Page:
In fact, Israeli Apartheid Week is recognized in South Africa, in Canada, and around the world as a week of public events and activities focusing on peace in the Middle East and the main obstacle to peace in the region: Israeli expansionism, and Israel’s refusal to abide by United Nations resolution 242 which calls for Israel to withdraw its troops to its pre-1967 borders, and for the creation of a Palestinian state.
Also recognized around the world is the shameful US – and now Canada’s – role in supporting Israel’s flagrant and long-standing flaunting of this and many other UN resolutions, as well as the continuation and escalation of Israel’s policies of war, occupation, assassination, kidnapping, torture and detention, partition, economic de-stabilization, starvation, the withholding of water, the bulldozing of homes and shops, and the targeting of civilians generally and particularly in the bombing that leveled Gaza.
These are war crimes and crimes against humanity committed by successive Israeli governments against the Palestinian people, against Israeli citizens, against the peoples of the Middle East and the world’s peoples.
Canada stands virtually alone on the global stage in its unconditional support for Israel, to the shame of millions of Canadians who look to their legislatures for political solutions that will lead to a just and lasting peace in the region – not threats and intimidation here at home.
Canada’s role in supporting these crimes against humanity is disgraceful and it is to the credit of the youth and academics on Ontario campuses, to the labour and democratic movements, and to progressives in some secular institutions, who were among the first (but by no means the last) to speak up for peace, democracy, and justice in the Middle East, and for democracy, truth, and justice in Canada.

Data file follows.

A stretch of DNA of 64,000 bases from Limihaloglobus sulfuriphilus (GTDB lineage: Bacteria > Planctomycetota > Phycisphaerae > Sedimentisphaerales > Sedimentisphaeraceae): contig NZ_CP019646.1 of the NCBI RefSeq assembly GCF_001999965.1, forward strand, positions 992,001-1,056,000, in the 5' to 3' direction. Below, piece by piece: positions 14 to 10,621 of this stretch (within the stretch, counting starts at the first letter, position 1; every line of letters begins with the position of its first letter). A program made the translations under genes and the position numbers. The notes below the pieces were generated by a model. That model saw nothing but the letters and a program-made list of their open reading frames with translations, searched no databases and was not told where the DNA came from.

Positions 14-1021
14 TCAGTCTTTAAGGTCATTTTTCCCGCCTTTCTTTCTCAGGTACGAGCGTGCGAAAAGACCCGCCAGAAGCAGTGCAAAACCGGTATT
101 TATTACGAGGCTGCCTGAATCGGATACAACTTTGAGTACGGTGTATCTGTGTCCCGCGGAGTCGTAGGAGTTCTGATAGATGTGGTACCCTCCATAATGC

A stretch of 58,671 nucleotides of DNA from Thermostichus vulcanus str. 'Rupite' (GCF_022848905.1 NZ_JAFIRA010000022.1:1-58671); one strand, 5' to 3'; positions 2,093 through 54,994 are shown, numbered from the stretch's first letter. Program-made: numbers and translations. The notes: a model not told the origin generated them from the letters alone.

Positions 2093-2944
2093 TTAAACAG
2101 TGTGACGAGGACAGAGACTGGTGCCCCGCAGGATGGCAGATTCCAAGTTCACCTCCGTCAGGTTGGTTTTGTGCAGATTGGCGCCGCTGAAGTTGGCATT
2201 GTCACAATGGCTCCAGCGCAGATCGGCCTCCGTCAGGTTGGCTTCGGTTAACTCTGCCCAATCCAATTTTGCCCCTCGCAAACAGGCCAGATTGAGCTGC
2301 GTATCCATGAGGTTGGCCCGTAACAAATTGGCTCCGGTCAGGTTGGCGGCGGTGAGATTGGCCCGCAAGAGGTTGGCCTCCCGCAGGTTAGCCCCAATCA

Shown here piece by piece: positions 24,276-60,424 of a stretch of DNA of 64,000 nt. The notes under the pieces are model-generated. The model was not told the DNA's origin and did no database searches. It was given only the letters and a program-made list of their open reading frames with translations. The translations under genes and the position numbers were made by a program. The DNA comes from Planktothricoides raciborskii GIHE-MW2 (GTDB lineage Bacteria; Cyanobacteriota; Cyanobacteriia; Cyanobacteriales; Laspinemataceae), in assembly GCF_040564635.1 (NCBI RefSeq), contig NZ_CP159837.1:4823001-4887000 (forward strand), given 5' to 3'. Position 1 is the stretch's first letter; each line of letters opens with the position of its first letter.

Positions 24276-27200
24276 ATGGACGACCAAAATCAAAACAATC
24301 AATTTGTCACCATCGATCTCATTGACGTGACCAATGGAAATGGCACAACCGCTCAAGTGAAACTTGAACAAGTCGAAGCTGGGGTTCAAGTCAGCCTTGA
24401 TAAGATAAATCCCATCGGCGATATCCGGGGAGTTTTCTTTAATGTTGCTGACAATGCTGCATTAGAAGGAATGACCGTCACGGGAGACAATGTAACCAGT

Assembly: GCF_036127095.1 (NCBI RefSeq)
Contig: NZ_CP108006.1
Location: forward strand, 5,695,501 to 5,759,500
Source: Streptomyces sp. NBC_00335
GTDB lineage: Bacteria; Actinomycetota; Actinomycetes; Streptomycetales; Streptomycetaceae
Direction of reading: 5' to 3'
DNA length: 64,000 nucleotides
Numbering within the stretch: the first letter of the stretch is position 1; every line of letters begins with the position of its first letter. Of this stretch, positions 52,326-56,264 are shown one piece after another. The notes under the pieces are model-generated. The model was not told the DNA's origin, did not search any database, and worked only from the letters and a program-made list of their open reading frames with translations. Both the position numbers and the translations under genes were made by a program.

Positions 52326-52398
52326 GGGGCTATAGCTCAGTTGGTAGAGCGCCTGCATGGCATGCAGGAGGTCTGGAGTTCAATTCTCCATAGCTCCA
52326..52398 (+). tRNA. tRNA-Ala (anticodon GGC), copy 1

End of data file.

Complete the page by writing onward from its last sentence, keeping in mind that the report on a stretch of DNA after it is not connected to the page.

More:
To state the facts and to demand a change in Canadian, US and Israeli policy is not anti-Semitism, it is the fresh air of democracy. The anti-Semites are those who would equate criticism of Israel with anti-Semitism, thus ascribing to all Jews an intrinsic or inherent support of Israeli government policy. But the truth is that many Jews in Israel, in Canada and elsewhere around the globe, do not support Israeli government policy and growing numbers are speaking out and becoming active and involved in campaigns such as the boycott, divestment, and sanctions campaign. These campaigns are also supported by anti-apartheid veterans such as COSATU and the ANC in South Africa.
While it’s no surprise that the Tories in Ontario are a small echo of their extremist and reactionary federal cousins, it is shocking and disturbing that the Ontario NDP also supported this resolution which threatens free speech and assembly here at home, while distorting the truth of Canada’s foreign policy supporting war crimes and crimes against humanity abroad.
The NDP should disavow itself of this motion, and clarify its policy on the Middle East and on free speech and free assembly here at home. As things stand, the NDP caucus accepts that criticism of Israel is hate speech in Ontario. Is this new NDP policy?
For our part, the Communist Party is proud to sponsor and participate in the numerous events being organized this week, that will help Ontarians learn more about the causes of the crises in the Middle East and in the process help build the movement for a just political solution as laid out in UN resolution 242, for lasting peace and mutual security in the region.
For more information, contact Elizabeth Rowley, Ontario Party leader at 416-469-2446 or via email at Rowley@cpc-pcc.ca
Good Jobs For All Coalition Slams Harper’s 2010 Budget for Failing to Fix EI and Help Canada’s U Back to Messages
For Immediate Release
Thursday, March 4, 2010
TORONTO – The Harper Government’s 2010 Federal Budget has utterly failed to fix Employment Insurance (EI) and help thousands of unemployed workers survive Canada’s ongoing economic crisis.